Now, you as an adult have memories of what things should smell like. And that's why we think the olfactory retraining may actually help, because you're connecting the central input, your representation of what your coffee should smell like with the incoming molecular signals. Smells are connected to memories and moods and feelings. One way of thinking about it is that there's this map in your brain that you can follow to get smells back. But if your sense of smell has been gone for a long time, if you lose that map, it's more like starting from scratch.
It's almost like if there's some if there's some map intact, they can follow the right map to make the right connections. If it's completely gone, they're just wiring, rewiring haphazardly. So I was really hopeful after talking with Pam, but, you know, maybe there would be some way to find my way back to smelling by doing this thing called olfactory training or smell training. I just needed to learn how to actually do it. We'll be right back.
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What small training is, and I could sum that up by saying it's not what your nose does, but rather what your brain does with the stimulation.
I called Chrissy Kelly, who founded Absent in the U.K. and that's absent as in smell.
I remember when I when I got 100 people in my Facebook group, which was called Smell Training, thinking, oh, my God, you know. Wow, that's amazing.
And she started this online community and now we have twenty two point nine thousand. So there are a lot of us now.
And she lost her sense of smell back in 2012 after some kind of viral infection. And at that time, doctors didn't really recommend anything. But she read some research about smell training and how repetitive structured sessions smelling just for scents could potentially help people start to orient themselves again. Pick up smells again.
I quickly got to the point where being a student of my affliction was better than being a victim of my affliction, and it became an absolute passion.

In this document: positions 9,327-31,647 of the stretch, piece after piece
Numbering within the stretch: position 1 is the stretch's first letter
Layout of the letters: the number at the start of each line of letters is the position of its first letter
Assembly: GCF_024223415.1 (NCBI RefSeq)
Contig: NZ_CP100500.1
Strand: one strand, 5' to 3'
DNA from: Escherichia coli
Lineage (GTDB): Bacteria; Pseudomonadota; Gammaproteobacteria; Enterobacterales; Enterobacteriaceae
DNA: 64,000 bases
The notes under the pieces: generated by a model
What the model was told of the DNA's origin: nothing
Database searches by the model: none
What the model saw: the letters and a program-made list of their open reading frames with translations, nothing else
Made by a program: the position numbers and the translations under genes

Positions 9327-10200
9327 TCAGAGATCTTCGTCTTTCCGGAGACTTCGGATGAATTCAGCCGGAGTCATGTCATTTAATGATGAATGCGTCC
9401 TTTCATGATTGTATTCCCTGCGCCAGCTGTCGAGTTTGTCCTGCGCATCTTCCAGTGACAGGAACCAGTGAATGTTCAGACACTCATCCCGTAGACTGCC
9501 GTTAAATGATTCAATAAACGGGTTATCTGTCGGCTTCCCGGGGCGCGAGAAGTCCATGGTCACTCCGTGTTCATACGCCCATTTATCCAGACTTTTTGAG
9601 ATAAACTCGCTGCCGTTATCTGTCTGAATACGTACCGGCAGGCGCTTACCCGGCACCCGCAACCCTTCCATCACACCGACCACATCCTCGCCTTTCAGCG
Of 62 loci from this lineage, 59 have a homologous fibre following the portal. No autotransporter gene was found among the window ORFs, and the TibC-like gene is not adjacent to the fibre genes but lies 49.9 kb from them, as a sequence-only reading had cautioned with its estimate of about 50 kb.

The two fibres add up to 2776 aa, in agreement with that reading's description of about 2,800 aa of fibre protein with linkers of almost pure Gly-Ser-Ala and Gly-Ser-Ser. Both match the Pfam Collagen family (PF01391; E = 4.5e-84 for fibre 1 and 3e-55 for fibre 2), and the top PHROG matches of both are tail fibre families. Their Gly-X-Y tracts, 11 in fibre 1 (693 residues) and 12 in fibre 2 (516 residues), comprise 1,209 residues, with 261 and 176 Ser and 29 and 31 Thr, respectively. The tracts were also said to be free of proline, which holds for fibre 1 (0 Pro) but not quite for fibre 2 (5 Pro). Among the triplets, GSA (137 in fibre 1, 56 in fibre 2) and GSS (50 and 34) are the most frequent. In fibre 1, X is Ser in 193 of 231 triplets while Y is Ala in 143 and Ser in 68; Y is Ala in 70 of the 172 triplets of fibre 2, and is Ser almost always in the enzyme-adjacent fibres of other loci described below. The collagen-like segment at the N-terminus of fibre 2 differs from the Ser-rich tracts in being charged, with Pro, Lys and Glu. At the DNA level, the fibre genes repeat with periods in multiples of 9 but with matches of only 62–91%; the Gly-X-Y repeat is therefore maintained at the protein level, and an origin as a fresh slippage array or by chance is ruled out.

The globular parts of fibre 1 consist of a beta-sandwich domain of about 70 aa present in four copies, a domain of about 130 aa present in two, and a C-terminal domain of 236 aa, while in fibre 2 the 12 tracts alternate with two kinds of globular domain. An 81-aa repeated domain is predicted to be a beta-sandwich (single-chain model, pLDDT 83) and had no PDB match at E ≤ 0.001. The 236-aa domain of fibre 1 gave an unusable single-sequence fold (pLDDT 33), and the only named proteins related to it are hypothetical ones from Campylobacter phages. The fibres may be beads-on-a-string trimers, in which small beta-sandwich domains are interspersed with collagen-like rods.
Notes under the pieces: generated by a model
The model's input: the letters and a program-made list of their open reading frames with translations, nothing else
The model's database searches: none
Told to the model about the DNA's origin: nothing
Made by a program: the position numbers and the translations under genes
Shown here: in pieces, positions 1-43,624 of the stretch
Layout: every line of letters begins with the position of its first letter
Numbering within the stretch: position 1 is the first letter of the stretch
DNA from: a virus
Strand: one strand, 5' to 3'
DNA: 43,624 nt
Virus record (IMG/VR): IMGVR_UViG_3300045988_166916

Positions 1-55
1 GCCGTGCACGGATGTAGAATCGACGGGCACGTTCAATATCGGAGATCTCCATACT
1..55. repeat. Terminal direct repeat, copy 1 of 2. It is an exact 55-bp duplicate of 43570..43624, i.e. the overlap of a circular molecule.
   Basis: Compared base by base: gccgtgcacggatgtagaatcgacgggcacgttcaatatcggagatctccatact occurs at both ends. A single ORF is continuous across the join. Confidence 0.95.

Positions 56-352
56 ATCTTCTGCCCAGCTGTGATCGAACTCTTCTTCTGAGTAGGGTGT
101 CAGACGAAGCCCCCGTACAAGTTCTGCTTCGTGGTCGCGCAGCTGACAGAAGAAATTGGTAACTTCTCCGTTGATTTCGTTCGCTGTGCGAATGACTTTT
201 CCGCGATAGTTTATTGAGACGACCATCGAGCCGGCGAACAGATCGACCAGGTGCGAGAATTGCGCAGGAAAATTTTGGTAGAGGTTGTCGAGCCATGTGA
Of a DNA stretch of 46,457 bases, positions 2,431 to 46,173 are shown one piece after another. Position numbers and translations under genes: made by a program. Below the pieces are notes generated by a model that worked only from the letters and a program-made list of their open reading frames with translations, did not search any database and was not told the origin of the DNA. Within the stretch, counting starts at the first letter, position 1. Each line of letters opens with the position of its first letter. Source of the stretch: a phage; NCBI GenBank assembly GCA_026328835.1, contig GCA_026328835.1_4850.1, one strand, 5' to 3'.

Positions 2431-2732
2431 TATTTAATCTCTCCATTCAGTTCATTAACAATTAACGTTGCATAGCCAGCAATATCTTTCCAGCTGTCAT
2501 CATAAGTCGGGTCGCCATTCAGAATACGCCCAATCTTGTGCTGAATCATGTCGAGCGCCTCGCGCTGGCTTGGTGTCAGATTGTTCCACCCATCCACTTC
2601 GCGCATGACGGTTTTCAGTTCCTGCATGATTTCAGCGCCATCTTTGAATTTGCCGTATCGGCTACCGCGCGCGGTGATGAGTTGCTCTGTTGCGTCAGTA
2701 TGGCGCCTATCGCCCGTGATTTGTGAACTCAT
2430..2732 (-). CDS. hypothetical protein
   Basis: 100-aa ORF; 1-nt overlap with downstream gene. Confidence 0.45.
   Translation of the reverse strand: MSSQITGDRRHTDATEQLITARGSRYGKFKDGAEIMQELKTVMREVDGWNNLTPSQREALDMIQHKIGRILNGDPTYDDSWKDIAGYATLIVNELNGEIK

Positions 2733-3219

I wanted to formally learn what a small training session should look like, and it's so much more like therapy than I expected it to be.
There is so much anxiety about getting it right in the beginning that I, I just think it's really valuable to say, OK, this is the program, start with this.
So kind of like therapy. Small training works best if you're in a quiet space where you feel safe, where you can focus and think. I sat down at my little desk in my office at home with a box of spices.
OK, and now for the first jar, I just want you to sit there with it with no expectations.
So she asked me to get four spices and not open them all immediately. Open them one at a time.
OK, so hold it up to your nose.
And I had cardamom, cloves, cinnamon, cumin, and I want you to just shut yourself down completely.
I think what she was saying is, you know, turn off the thoughts that are analyzing what's happening right now and just kind of be in the moment and just take a little I call them Bunnie sniffs Tiny little when I was smelling air right up without her, when I was smelling on my own, I was taking these deep breaths and kind of trying to pull the aromas into my body and that actually that doesn't work that well.
So Chrissy suggested funny sniffs which is taking these teeny, tiny little sniffs of air, you know, consecutive little sniffs. Then you pause and then take a breath, because we don't want you to faint and then go back to it again, and I was immediately ready to say I can't smell them very well.
It's kind of like the clothes were in the next room and I could hear them a little bit, like I could pick up a word every now and then, but I didn't know exactly what they were talking about.